This may well be my last post relating to the 2015 harvest – not because our fermentations are complete, but mostly because there is not much more that can be said about the winemaking process. At this point we are merely observers, monitoring progress by measuring the density of the must/wine, and then, according to what we see, perhaps making one or two subtle adjustments to the temperature control. The idea is that we have a slow, smooth transition from grape juice into wine and at this point the only form of control that we have is temperature. If the fermentation starts to move too quickly then by reducing the temperature by a decimal place or two, then we can slow things down just a touch. Conversely, if the fermentation looks as though it might be sticking, putting too much stress on the yeast, then we can help it along by increasing the temperature. Once all the sugar has been consumed and the fermentation has come to an end, we simply add a good dose of SO2 to inhibit spoilage and kill any unwanted bacteria (e.g. malolactic bacteria). Et voila, done!
The first tanks that we seeded are not too far from completion now and are almost at a point where they are starting to reveal the true character of the vintage. Until now the natural fruit sugar has been quite dominant, albeit that by tasting we can still judge the concentration, style and overall balance of the developing wine. The result is that we are quietly confident that this year’s wine will be very good, and the fact that we started with some excellent quality, healthy fruit was certainly an essential element in this outcome.
The good news is that all the hard physical work of the wine making is now finished, all the tank additions are done and pumping over (to mix them thoroughly) has been completed. All that remains are a few cleaning jobs – clearly we can’t do any real cleaning in the tank room until the fermentations are complete, and all the tanks are tightly sealed. It might be obvious to most, but the tanks have to be left open at this stage to allow carbon dioxide to escape (a by-product of the fermentation). Consequently, our blowers and extractors have to work overtime to remove all the extremely dangerous CO2 and replace it with fresh air. We are now reaching a point when we can start to talk about our 2015 ‘wine’, as the grape sugar is slowly transformed into alcohol, although it is still months away from being the finished article.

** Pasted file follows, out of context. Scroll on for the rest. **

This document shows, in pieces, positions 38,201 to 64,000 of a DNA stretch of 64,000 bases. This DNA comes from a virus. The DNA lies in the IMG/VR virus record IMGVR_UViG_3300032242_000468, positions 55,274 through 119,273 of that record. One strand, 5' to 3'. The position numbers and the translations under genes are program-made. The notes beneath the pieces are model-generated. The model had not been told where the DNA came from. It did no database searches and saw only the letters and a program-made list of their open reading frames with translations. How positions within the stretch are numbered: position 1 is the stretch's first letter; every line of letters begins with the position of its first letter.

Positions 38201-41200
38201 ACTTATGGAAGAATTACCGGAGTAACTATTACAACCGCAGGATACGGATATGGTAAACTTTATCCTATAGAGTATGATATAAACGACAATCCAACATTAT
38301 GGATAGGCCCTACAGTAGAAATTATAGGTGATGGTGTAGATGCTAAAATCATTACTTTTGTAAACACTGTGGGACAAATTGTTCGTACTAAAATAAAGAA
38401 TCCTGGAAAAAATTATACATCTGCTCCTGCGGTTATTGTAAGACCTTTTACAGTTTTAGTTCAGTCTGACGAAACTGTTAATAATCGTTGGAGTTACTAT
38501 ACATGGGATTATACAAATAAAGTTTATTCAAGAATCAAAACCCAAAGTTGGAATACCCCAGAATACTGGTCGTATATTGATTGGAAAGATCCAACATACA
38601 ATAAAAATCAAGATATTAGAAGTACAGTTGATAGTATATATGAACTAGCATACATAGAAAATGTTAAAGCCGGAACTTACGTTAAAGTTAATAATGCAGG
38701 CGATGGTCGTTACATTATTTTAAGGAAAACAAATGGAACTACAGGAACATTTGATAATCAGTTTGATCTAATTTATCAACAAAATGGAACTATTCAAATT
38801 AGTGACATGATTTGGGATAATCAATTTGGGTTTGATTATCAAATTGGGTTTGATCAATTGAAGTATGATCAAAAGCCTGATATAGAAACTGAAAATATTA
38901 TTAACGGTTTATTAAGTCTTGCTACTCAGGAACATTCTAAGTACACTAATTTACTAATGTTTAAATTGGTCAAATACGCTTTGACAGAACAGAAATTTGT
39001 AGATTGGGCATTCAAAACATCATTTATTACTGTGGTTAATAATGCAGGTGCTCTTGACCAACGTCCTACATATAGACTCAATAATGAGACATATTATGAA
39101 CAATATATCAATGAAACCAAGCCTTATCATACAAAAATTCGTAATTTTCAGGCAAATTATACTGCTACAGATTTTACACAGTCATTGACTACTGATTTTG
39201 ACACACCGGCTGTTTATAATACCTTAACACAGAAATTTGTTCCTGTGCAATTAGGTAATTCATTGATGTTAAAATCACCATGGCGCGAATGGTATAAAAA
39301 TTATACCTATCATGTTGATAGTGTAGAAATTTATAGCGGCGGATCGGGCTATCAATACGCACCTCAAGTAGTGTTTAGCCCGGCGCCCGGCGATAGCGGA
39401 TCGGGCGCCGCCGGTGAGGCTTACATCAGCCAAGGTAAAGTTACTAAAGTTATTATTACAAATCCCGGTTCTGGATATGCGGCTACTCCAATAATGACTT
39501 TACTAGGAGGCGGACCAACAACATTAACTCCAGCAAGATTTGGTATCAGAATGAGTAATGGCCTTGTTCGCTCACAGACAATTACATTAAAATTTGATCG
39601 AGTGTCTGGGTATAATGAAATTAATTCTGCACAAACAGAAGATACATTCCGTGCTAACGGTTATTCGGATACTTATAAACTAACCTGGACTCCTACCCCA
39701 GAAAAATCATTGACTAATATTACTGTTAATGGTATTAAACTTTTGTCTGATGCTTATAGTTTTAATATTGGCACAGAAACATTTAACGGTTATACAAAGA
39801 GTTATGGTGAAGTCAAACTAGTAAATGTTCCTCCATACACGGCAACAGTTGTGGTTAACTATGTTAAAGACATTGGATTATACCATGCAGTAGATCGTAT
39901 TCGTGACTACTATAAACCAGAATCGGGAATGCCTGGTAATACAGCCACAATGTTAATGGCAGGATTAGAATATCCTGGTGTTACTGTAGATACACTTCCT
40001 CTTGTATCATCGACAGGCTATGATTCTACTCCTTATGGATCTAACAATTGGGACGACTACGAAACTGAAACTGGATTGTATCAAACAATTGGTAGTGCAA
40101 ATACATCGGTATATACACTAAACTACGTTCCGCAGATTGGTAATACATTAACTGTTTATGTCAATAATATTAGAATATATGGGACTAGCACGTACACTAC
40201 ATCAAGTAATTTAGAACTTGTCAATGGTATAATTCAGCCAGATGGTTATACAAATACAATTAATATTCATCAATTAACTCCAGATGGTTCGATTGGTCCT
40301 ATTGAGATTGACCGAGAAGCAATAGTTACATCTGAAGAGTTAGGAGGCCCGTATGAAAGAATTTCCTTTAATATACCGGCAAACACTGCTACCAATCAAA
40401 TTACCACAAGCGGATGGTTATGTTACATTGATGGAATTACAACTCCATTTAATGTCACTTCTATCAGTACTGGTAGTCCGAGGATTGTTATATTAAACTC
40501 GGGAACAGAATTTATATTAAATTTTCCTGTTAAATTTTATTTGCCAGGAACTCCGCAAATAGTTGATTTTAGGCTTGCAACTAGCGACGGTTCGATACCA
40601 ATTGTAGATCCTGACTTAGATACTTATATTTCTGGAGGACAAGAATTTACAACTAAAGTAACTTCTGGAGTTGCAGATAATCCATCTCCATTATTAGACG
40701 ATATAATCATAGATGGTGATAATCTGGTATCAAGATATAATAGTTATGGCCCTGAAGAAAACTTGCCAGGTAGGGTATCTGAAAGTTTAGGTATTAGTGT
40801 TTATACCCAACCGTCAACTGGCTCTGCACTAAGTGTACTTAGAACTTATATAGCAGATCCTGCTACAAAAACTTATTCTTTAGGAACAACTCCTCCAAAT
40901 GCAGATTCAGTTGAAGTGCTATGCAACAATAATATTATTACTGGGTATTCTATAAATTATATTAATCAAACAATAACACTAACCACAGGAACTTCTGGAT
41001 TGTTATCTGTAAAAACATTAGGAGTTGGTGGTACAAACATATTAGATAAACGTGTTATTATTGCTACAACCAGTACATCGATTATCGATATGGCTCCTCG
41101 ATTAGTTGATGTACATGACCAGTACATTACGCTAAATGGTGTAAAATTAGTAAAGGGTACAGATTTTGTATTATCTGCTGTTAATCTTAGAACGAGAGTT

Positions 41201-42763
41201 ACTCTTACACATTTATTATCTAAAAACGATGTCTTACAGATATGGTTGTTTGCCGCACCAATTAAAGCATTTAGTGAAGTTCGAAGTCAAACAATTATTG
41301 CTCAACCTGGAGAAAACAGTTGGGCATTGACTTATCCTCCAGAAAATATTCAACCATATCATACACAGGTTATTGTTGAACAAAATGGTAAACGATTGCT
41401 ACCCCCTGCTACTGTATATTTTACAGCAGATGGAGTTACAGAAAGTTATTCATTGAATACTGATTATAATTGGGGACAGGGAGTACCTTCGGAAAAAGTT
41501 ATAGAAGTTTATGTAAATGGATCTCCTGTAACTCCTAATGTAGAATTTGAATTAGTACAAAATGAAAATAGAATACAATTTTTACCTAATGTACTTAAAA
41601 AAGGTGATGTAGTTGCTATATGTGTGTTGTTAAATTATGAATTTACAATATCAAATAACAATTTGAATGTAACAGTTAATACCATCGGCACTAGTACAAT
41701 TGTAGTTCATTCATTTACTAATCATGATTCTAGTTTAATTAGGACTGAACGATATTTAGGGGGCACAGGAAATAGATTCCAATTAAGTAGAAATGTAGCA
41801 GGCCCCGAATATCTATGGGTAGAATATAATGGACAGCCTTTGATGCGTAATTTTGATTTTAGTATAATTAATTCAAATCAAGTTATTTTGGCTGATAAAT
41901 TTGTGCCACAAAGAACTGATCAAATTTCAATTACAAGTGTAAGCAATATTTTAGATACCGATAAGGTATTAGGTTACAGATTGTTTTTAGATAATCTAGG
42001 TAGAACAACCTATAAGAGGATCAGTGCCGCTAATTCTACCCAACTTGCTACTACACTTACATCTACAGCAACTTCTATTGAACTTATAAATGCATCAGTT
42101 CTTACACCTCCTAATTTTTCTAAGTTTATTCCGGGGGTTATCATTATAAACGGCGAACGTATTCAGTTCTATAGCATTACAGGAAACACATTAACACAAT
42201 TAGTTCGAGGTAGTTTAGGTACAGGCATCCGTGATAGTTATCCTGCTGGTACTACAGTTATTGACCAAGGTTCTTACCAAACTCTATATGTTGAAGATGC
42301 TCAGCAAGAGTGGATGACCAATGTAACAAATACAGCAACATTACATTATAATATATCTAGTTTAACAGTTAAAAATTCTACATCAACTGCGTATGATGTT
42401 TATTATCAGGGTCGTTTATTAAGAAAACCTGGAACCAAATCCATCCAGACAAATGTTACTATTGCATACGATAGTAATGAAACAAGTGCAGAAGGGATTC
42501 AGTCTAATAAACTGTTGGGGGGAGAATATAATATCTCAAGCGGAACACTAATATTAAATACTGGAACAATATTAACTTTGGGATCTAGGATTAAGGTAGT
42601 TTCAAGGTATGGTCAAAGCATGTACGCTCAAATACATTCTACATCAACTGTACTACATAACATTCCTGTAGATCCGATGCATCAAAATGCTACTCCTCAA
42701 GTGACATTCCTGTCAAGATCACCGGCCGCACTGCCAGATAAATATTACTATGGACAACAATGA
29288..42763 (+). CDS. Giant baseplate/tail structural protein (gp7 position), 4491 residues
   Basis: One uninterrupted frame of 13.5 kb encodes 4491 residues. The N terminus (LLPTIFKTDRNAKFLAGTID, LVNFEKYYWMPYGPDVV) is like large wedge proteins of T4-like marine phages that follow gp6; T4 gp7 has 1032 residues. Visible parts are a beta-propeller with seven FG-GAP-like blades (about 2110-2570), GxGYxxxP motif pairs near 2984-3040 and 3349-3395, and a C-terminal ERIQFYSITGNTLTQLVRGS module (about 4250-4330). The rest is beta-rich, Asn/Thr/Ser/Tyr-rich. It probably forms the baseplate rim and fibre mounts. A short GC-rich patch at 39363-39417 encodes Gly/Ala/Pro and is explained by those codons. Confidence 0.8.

On a couple of occasions during the wine making process we have found the need to call upon the services of Alberto. Now, Alberto is not our secret wine maker or special advisor, but is actually a machine! And why do we call him Alberto? Quite simply because he is liquid counter – measuring the amount of liquid that we move between tanks. OK, so you have to be a cycling enthusiast to understand this one….. The Spanish for counter is ‘contador’, so his name is Alberto Contador (a very famous Spanish cyclist)!
It seems a little strange that we have some tanks in our cellars that are more or less half way through their fermentation, whilst out in the vineyards some other bodegas are only just gathering the last of their fruit. Of course this is the difference between those who picked before the storm, and the many who didn’t even start to pick until after. The only consolation is that the weather since the storm has been good, but then the obvious downside is that the warmth of the sun only helps to promote rot. Despite this burst of late sunshine it will not really help the overall concentration of the must caused by the volume of water absorbed by the fruit (which was quite considerable).
To prove my point, we did manage to take a few photos in a neighbouring vineyard (see today’s picture) after the rains, and the damage caused by rain and subsequent humidity is plain to see. Even if the bodega concerned uses a sorting table in their grape reception, they are going to be losing a considerable percentage of fruit. It must be soul destroying to see half of your year’s work end up in the bin….. Thank goodness it wasn’t Castro Martin!
In today’s post I feel like I should be saying “Move along, nothing to see”, as the police might do at the scene of an accident. The reason I say this is because whilst we are supremely busy in the bodega, the jobs that we are doing don’t really lend themselves to very interesting photographs. At the moment we are systematically adding bentonite to the tanks, which involves some re-hydration (bentonite comes in sacks of dull, grey, dry granules), and then adding this to the tanks and mixing it for an hour or two. It would make a very boring video, just a shot of pumps and hoses spread around the floor, thereby leaving me scratching my head wondering what picture I could use to illustrate today’s task. In the end I have opted for something completely different.